Elizabeth of Bohemia. Born to royalty, she a multi-talented woman who enjoyed the classics and art as well asphilosophy. She was active correspondent with Descartes and she is the author of a work on on the Mind-body problem. A deeply religious woman she offered shelter to a number of persons who were being persecuted for their faith.
1617 or 1618 - She was born on the day after Christmas (December 26) in Heidelberg to Elizabeth Stuart, daughter of James I, and Frederick V, Elector Palatine . She is their first daughter. Two sons had preceded her birth. Frederick V, like his father, was strongly Protestant and a defender the Protestant cause.
1619 - After the Protestant States of Bohemia rebelled against Ferdinand II, Holy Roman Emperor, Frederick and Elizabeth were appointed King and Queen of Bohemia. This act is sometimes said to have precipitated the Thirty Years war. Frederick tried to wanted to defend the Protestants but he did not receive support of the Protestant Union.
1620 Frederick is was defeated at the Battle of White Mountain. His family fled to Berlin. Elizabeth of Bohemia is put the tutelage of her Grandmother, Juliana, daughter of William of Orange. Most of the family leaves for the Hague but Elizabeth remains with her grandmother.
ca. 1627 - She leaves Berlin for the Hague, where her parents were holding court. Her education became more formal at Prinsenhof in Leiden where she was taught court etiquette, scripture, mathematics, history, the sciences, jurisprudence, French, English, German, Dutch, Latin and Greek. She excels in Greek and has a real liking for philosophy.
1629 - Her elder brother dies.
1631 - Her father, Frederick V dies. Some say he never really recovered from the death of his son. The family falls into hard economic straits.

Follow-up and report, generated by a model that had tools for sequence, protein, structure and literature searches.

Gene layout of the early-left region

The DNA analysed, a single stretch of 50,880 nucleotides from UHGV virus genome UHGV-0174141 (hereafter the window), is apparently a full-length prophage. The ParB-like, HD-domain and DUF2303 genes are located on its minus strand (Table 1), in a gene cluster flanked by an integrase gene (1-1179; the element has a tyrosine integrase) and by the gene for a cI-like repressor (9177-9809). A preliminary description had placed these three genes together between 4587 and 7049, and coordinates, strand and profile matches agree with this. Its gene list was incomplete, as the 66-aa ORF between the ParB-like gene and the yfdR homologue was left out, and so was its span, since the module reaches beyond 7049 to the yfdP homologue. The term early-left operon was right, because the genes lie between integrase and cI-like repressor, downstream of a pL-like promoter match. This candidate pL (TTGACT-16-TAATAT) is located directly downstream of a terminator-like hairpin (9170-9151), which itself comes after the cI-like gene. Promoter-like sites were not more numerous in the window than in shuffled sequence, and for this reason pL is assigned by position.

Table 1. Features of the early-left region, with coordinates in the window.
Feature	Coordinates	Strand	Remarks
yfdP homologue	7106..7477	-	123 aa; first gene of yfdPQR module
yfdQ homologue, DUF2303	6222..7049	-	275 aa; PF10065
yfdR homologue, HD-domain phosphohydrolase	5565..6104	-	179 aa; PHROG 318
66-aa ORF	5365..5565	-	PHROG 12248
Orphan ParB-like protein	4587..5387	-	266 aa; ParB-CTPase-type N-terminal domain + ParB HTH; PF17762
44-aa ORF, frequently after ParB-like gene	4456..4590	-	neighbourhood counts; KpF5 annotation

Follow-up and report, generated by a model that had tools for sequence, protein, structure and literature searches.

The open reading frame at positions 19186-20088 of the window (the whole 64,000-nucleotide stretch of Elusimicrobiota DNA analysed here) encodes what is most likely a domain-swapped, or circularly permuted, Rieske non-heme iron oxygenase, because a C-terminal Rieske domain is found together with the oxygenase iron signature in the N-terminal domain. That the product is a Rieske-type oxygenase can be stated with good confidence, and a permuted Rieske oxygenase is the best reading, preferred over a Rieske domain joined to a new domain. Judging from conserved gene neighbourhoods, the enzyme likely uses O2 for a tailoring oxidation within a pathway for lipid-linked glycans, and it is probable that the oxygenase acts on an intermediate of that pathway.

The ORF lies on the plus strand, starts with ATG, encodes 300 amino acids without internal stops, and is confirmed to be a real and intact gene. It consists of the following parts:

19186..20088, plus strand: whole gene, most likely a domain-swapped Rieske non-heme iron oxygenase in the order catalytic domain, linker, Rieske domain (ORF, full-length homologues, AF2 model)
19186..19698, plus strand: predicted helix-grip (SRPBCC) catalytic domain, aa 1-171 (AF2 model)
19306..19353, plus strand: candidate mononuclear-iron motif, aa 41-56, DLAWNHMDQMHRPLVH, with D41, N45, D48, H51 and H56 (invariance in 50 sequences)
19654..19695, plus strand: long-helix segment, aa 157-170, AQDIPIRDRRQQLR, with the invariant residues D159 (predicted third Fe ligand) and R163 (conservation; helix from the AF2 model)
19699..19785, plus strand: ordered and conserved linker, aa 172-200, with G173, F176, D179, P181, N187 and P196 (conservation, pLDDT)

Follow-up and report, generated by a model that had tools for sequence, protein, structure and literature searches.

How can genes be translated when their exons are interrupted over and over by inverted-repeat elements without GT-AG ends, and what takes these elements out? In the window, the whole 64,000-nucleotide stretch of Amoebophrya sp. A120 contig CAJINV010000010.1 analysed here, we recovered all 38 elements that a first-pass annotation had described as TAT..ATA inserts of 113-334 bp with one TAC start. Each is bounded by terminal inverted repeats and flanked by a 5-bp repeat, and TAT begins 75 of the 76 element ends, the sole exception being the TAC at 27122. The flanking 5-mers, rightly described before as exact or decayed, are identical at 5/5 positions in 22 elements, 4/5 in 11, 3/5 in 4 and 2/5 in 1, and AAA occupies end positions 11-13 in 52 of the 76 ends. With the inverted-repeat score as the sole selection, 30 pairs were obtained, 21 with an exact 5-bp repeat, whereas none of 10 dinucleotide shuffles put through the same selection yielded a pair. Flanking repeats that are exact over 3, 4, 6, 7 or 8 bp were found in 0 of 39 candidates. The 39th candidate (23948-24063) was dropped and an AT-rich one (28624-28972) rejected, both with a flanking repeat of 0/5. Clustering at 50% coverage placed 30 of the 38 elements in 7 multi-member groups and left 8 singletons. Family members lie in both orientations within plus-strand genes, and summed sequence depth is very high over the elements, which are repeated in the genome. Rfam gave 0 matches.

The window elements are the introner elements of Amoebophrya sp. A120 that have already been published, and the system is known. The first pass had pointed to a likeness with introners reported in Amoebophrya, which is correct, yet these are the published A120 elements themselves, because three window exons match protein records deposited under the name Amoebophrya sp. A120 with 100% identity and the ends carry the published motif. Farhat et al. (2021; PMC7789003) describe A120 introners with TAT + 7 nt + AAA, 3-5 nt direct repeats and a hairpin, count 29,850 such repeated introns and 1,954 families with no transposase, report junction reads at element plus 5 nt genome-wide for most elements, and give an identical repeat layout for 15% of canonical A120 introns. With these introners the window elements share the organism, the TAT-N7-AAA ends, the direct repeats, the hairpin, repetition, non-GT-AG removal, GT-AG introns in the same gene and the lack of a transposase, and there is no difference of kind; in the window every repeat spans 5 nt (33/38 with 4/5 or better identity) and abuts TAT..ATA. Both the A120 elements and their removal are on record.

1636 Elizabeth of Bohemia refuses to marry the King of Poland who is a Catholic, because she is strongly Protestant.
1636 She decides not to pursue marriage at all. (Some say this choice was made because she had no dowry to attract a suitable suitor.)
1642 - She reads Descartes, Meditations on First Philosophy. A friend mentions her name to Descartes but he had already heard of her. There is no record of their meeting but they did engage in a correspondence from 1643 - 1646. It appears that Elizabeth of Bohemia offered Descartes the kind of criticism that every scholar needs when developing theories.
Descartes tries to encourage her and offers her some support in her periods of depressions.
1644 - She is in correspondence with Anna Maria von Schurman
1645 - Edward, her brother, converts to Catholicism and marries Anne of Gonzaga.
1646 - Her brother Philip kills a Monsieur L'Espinay, who insulted the family by bragging that he had flirted with their mother. Phillip flees the country and joins the Spanish Army. Elizabeth of Bohemia defends his intentions [but not his actions] and her mother sends her to Germany to stay with an aunt. While in Germany she tutors her cousin and is said to have introduced Descartes' work to various professors in Germany.
Elizabeth attempts to get an audience with Queen Kristina of Sweden in hopes of getting her support for the return of the family's lands in Palatine. Queen Kristina instead extends an invitation to Descartes. He accepts, in part to plead Elizabeth's cause.
1650 - Descartes dies in Sweden.
1651 She returns to Heidelberg after the end of the Thirty Years War. Her mother remains in the Hague and it falls on Elizabeth to assist her many brothers and sisters in their education and securing their financial affairs.
1667 She enters a Protestant convent at Herford in Westphalia. In the ensuing years she serves as a coadjutrix. Later she becomes abbess of the convent. During her time as abbess the convent became a refuge of persecuted Protestant. She gave refuge to Anna Maria van Schurman and other followers of Jean de LaBadie. She also worked for the freedom of a number of Quakers, William Penn, Robert Barclay and others.
1680 Elizabeth of Bohemia dies on February 8, 1680 after a long and painful illness.
Letters: Her Letters to Descartes as well as those to Roberty Barclay, William Penn, Stepehn Crisp and others. Have been published.
Here is a link that analyzes some of Descartes work and Elizabeth's contribution to it.
Descartes Dedication to Elizabeth of Bohemia
An essay by Deborah Tollefsen, Princess Elizabeth and the Mind-Body Problem